Long ago, I was in a play called “Coffee and Robots,” in which I played a barista who believed himself to be on the cusp of greatness.
I don’t recall the character’s name or any of his other dialogue; only his assertion that he was on the cusp of greatness.
When I first read the play, I did not know what that meant. I’m still not sure that I do.
But now, looking at a promotion within the coffee shop that employs me and knowing that my writing will see publication, I’m thinking about that character again.
I don’t remember his ambitions, but I know my own and I know that I can’t define one published novella and a coffee house promotion as ‘greatness.’
But it’s a step and it’s change, and I wasn’t sure how much I’d see of that since graduation.
In college, change is the rule. You see a great deal of different people, shove your brain full of new things, all so that you will eventually become someone different from yourself.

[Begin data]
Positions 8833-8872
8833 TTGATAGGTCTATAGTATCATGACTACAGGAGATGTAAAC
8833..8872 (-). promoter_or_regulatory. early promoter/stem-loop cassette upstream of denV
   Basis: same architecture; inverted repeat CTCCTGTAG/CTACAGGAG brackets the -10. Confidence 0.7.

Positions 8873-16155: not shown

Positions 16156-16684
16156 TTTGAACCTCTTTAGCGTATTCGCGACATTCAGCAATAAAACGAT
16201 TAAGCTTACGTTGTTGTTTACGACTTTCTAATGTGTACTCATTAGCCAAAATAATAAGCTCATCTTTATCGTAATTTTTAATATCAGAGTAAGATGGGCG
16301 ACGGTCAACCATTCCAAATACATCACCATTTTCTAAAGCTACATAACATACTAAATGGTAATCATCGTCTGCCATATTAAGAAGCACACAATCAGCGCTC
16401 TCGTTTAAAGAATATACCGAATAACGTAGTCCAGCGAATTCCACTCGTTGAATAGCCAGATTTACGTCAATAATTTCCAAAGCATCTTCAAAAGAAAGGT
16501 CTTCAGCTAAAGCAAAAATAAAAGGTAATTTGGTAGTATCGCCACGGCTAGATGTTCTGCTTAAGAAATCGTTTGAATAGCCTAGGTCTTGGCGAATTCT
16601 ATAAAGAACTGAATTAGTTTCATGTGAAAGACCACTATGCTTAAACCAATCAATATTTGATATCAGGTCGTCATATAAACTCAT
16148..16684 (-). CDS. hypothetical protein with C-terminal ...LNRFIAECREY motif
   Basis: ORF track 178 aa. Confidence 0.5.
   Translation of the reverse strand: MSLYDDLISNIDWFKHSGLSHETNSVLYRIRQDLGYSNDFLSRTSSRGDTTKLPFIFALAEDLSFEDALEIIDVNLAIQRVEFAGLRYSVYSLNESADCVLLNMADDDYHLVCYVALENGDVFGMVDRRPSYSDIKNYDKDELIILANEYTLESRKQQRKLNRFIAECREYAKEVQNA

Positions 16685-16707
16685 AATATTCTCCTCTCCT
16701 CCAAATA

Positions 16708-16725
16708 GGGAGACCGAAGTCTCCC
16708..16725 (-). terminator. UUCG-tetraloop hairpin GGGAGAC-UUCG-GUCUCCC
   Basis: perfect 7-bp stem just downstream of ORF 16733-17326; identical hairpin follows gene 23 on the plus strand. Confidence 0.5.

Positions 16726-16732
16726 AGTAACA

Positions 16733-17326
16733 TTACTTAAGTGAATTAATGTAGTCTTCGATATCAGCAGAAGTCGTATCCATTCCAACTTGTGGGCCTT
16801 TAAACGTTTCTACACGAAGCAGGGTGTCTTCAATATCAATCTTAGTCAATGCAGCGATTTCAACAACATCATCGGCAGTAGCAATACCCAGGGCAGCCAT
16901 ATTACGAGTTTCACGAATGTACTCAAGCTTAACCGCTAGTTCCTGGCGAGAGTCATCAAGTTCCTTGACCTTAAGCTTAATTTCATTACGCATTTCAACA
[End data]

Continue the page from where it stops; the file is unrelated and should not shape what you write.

It’s very fast-paced and exciting, and you’re changing so often it’s pretty easy to forget how you started and how you’d like to end. There’s a set end-date too, and after that you’ll be an adult.
After that, any change has to be a choice. Should I take the job, should we move, should we buy the house, the car? There’s no schedule for personal growth anymore. It’s kinda wild.
But this feels a little different. I have forewarning that life will change. In a week, I’ll be in charge of some things. In a couple years or less, I’ll be a published author. I won’t be this me anymore.
All change means death. This me will die. It happens a lot, sometimes in big ways, sometimes in small ways, but, if we’re doing it right, each day we’ll kill some old part of ourselves. Usually it’s ignorance falling to some new facts, or old habits hunted by new ideas, but it’s not every day that a whole self is on its way out.
I don’t know if I’ll miss it. At least there’s time to say goodbye.